In April 2018, Millennial trading app Robinhood announced it would soon be available in a handful of states. Complex banking regulations in each state meant that they had a lot of hurdles to get over before they could offer free crypto and stock trading services in all 50 states. But in January RobinHood announced they had finally gotten a New York State “BitLicense”, one of fintech’s highest hurdles. Users in New York State can now trade on Robinhood as of May 23.
Users can now add Bitcoin, Bitcoin Cash, Bitcoin SV, Ethereum, Ethereum Classic, Litecoin, and Dogecoin to their portfolios in 39 states and Washington, D.C.
We were pretty hard on Robinhood when they first came out. They positioned themselves a “free trading app” that wouldn’t charge you a fee like the big banks would. But then we learned that they charge you and then get paid a fee from the biggest hedge funds. They also tried and failed to become a big bank themselves and were stopped when their accounts turned out not to be FDIC insured. Now armed with a proper money transmitter license, Robinhood can turn your cash into crypto—sorta.
A money transmitter license is a separate regulation for businesses that hold money for their clients. A BitLicense regulates who can operate an exchange in New York State or an exchange that is available to New York State residents. One law manages the money you put into an exchange from your bank and the other regulated the crypto assets you buy. Note: you do not need either license to develop software related to these industries.
We do have to give Robinhood props for one thing, though. They are a great way for the super small investor to learn about the markets and trading. Now that they offer fee-free trading in crypto in New York State, they can bring that same service to their user base. Their prices end up with a fair amount of “slippage,” meaning users don’t always see the final price of their transactions, but this is much better than brokers and crypto banks who charge anywhere from $3 to $15 per trade.
Using the new crypto service, for example, a user with $4.29 in fiat couldn’t buy $4.29 in BTC. An error message pops up saying, “Market orders on Robinhood are placed as limit orders at 1% above the market price in order to protect customers from overdraft.” The wording of that is a little rough. Robinhood isn’t an actual bank, so users can’t “overdraft.”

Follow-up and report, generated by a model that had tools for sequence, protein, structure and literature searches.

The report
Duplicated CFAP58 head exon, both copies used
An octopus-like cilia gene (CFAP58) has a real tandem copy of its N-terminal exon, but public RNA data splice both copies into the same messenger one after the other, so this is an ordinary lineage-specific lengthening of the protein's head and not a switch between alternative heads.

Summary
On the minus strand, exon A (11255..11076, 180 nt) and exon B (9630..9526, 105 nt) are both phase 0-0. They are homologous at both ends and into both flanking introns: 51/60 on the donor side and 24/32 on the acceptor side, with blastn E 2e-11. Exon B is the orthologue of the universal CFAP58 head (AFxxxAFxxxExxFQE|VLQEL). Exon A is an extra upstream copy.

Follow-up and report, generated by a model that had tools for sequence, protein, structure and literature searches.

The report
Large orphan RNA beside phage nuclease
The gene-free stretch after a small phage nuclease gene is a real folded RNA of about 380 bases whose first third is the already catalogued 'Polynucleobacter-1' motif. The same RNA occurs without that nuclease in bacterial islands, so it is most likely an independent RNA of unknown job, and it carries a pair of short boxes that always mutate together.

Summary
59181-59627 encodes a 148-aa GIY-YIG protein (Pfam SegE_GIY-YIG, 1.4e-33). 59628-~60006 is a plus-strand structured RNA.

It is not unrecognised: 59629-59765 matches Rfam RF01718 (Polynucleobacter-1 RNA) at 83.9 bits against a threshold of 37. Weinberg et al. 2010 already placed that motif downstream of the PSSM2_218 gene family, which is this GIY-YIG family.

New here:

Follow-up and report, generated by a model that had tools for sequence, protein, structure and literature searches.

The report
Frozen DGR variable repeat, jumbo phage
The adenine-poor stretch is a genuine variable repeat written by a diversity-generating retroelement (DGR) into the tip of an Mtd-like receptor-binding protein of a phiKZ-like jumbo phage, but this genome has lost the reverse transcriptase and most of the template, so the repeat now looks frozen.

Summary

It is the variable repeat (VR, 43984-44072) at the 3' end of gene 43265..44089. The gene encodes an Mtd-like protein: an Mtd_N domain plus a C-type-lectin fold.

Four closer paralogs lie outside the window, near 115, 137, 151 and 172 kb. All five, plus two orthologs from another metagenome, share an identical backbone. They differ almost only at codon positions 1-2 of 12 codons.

Robinhood will instead prompt users to place a “limit order” at a particular BTC price. Now it tells the user “Your order, if executed, will execute at $8,130.38 or better.” But it is not clear under what price your order will execute.
Robinhood is simplistic, but it still isn’t for kids. Users have to be 18 or older to use it. The cool kids in my high school spent their 18th birthday buying lotto tickets, tattoos, and smokes. But maybe now buying crypto will be the cool thing to do? Learning about securities in a fairly safe environment like Robinhood is maybe a better investment than cigarettes and scratch-offs.
We’ve gone deep on the limits of Robinhood as a crypto trading app before. You can read about it more in depth here. In short: you can’t “trade” BTC for ETH. You can only buy and sell at the crypto prices they offer. And you can’t actually use the crypto as a currency to, for example, buy beef jerky with Litecoin.
The interface is pretty cool too. It’s slick looking and under each crypto asset it links to the latest news that could be affecting the price. None of that is financial advice. But there’s nothing wrong with learning at a young age how markets move. Investment blogs like to repeat the quote that “It’s not timing the market, it’s time in the market” that leads to growth. Is it a top-notch crypto app? Debatable. Would buying some BTC and a little chunk of Apple stock be better than everything we wasted our babysitting money on when we were 18? Yes.
Welcome to neighborhood, Robinhood.